Wednesday, September 22, 2004


Yesterday, I received an e-mail from Mr.Joseph Ghougassian, a former ambassador of the USA to Qatar who also worked as a CPA advisor in Iraq. He had wrote an article about Kofi Annan's latest statement that the war on Saddam was illegal. He asked me to post his essay in our blog. I read it and I found myself agreeing with everything in it, so I decided to post it and share it with our readers. Here is the essay:


On Wednesday, September 15, 2004, U.N. Secretary General Kofi Annan expressed for the first time his views on the war in Iraq: "I have indicated it is not in conformity with the U.N. Charter. From our point of view and from the charter point of view it was illegal."

From May 1, 2003 to August 31, 2004 I was involved with Iraq reconstruction efforts in several capacities. First, I was sent to Kirkuk to look into the property disputes between the Kurds, Arabs, Turkomen and Christians; in my last assignment I served as a high ranking Advisor to Iraq Ministry of Higher Education and the 68 institutions of higher learning.

I lived and worked in the Green Zone in Saddam Palace along with 3000 military and civilian personnel. I traveled extensively all over Iraq, visiting college and university campuses. When in Baghdad I drove myself almost on a daily basis to my meetings with Iraqis.

Annan calling the war "illegal" at this point in time has many significant and troubling consequences. The logical inferences are such that if I was to defend Saddam Hussein or for that matter any of the 60 held prisoners belonging to his regime, I would quote Annan and argue that the removal from power of these individuals was illegal; the holding them in custody is illegal; the formation of the tribunal looking into their prior activities is illegal. The declarations made by Saddam that he is currently the legitimate President of Iraq would be considered valid. In brief, I would list Annan as my star witness in defense of Saddam.

The ensuing inference from the previous inference is that the government of Iyad Allawi is illegitimate; the Transitional Administrative Law (TAL) drafted by the Coalition Provisional Authority (CPA) and ratified by the former Iraq Governing Council is void and null. In conclusion there should not be a national election in January 2005.

The reverse side of Annan’s value judgement on the illegality of the war is that the USA, U.K., Italy, Australia, and the other partners in the coalition were thugs and violators of the U.N. Charter and international law. Under Annan’s point of view, a good defense lawyer would argue not only for the release of Saddam and his criminal goons, but also ask for reparations from the coalition nations.

In philosophical parlance, if a war is deemed "illegal" it is also deemed to be "immora"l. This does not bode well on the psychic of our young men and women in uniforms fighting the terrorists in Iraq. Could Annan's definition of the US led war in Iraq as "illegal" and by extension "immoral" has any psychological and moral effects on the coalition forces in Iraq? Does Annan's claim that the US led war in Iraq was "illegal" emboldens and encourages the insurgents, terrorists and mercenaries operating in Iraq? Does Annan's statement increases the security problems for the coalition forces and the civilians involved in the reconstruction efforts in Iraq? Does Annan's position helps the Iraqi police, politicians and government in their discharge of duties and efforts to stabilize the nation under the rule of law?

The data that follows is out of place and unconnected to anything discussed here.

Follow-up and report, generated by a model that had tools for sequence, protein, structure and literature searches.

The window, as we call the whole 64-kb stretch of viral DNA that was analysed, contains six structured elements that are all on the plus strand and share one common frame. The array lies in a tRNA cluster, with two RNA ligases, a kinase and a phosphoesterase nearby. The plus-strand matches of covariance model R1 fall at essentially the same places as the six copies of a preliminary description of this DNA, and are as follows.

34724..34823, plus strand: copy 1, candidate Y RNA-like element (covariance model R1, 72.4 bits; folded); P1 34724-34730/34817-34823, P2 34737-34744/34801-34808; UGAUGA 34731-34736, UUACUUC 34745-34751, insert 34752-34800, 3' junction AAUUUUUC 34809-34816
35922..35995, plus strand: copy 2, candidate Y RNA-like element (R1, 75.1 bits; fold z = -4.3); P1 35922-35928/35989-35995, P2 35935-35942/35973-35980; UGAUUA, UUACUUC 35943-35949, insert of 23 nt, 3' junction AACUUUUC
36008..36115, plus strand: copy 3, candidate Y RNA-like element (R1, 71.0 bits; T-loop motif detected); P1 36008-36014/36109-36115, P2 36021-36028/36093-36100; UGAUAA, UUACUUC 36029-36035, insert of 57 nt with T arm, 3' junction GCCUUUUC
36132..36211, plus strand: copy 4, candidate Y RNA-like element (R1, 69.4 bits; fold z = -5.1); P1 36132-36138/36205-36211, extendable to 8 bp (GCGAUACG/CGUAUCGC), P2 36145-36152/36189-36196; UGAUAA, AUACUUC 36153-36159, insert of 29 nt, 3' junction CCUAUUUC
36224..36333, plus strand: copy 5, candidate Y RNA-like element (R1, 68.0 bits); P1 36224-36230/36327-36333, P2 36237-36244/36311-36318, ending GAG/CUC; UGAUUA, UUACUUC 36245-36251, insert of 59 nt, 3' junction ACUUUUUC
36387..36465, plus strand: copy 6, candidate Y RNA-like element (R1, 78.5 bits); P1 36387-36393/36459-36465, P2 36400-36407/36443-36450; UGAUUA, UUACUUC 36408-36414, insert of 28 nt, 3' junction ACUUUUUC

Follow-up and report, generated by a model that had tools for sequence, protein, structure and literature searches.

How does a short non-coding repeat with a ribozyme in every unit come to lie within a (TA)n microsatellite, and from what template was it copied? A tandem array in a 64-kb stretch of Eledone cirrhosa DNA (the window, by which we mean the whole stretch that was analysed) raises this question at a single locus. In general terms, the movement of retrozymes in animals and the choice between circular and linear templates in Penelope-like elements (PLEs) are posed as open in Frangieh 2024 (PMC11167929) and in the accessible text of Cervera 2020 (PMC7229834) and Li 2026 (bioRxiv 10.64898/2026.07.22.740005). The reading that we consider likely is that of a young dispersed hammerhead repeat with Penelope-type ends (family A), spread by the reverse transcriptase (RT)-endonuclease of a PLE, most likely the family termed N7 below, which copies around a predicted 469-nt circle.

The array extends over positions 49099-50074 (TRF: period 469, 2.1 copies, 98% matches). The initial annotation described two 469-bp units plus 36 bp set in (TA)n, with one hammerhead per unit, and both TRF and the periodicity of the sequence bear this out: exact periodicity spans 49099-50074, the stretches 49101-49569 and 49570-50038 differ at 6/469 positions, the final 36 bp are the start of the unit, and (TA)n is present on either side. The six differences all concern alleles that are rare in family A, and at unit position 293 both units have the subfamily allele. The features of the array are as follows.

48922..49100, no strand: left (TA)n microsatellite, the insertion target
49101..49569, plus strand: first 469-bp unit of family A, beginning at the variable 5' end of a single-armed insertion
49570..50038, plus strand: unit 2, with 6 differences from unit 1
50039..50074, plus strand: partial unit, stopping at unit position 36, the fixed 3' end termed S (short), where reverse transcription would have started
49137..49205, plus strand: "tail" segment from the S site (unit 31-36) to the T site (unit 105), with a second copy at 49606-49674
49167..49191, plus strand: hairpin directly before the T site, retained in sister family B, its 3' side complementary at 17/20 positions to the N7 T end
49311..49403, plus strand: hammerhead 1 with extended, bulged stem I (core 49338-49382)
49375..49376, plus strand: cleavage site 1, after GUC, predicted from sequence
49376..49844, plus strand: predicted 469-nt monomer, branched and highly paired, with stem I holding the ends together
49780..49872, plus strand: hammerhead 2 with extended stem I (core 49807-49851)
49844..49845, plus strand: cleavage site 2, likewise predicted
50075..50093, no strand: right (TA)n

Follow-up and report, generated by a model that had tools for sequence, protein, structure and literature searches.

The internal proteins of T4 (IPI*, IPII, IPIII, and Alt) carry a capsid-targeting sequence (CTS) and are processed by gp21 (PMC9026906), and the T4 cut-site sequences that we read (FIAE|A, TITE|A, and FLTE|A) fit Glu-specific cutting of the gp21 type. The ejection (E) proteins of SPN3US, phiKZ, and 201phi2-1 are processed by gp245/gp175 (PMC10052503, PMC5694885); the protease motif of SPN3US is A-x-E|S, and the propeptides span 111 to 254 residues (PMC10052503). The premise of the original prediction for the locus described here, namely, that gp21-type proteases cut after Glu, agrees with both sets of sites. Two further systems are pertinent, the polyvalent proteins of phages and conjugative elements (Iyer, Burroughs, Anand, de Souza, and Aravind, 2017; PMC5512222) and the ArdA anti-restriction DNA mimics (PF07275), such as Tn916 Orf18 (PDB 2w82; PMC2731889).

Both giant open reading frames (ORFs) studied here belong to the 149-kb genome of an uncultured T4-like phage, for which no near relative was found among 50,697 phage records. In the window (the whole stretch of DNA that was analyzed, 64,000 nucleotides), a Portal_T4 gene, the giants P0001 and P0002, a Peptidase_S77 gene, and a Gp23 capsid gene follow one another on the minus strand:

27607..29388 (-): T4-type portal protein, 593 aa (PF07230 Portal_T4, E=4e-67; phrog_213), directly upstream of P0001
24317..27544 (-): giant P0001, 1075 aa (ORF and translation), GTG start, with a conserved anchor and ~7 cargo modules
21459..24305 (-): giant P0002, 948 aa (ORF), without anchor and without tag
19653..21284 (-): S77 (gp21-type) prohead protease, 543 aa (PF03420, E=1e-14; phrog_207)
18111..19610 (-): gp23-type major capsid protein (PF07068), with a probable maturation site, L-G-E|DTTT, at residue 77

Kofi Annan's declaration of the war in Iraq by the US led coalition and its logical consequence of occupation as "illegal" is ill timed and no more useful in bringing peace than Senator John Kerry's assertions that the US should have not prosecuted the war against Saddam Hussein. Annan and Kerry are playing with the life of million of Iraqi people and with the life of thousands of Americans and that of others in Iraq. This is not the time to demoralize our forces, nor is it prudent to make statements that will be interpreted by the terrorists as a justification to pursue their criminal ends in Iraq as the case happened when the President of the Philippines caved in to the demands of the terrorists by withdrawing her troops from Iraq.

If I was still in Baghdad, I would feel uneasy and unsafe to conduct outside the Green Zone my usual daily official business given the high rhetoric of Kofi Annan and Senator John Kerry about the war in Iraq. I feel for my colleagues who are still toiling in Iraq; they are caught in the web of politicians making irresponsible assertions that empower the terrorists to continue and expand their evil doings against the Iraqis and foreigners.

Zarkawi, Bin Ladden and the countless terrorist groups operating inside Iraq, listen to American and British media. The criticisms levied by Annan and Kerry play well in the hands of the terrorists and provide the latter the added fuel to brainwash suicide bombers or to incite criminals to behead Americans and civilians of other nations.

At this juncture of time, Annan should become sensitized to the real pains and losses the Iraqi Kurds, Shias, Turkomen and Christians suffered in the hands of Saddam. May be he should apologize to Iyad Allawi, the Interim Prime Minister, for making the undiplomatic faux pas in declaring the war in Iraq as "illegal".

After all, had Kofi Annan been an effective U.N. Secretary General and had he succeeded in persuading Saddam to comply with all the UN security council resolutions, the US and its allies would not be in Iraq.

The US has vital, national and security interests in the region of the Arabian Gulf dating back to 1947. These interests are not subject to U.N. review or approval. Iraq is part of the Arabian Gulf.

Dr. Joseph Ghougassian served as US Ambassador to Qatar and CPA Advisor in Iraq.
His email is

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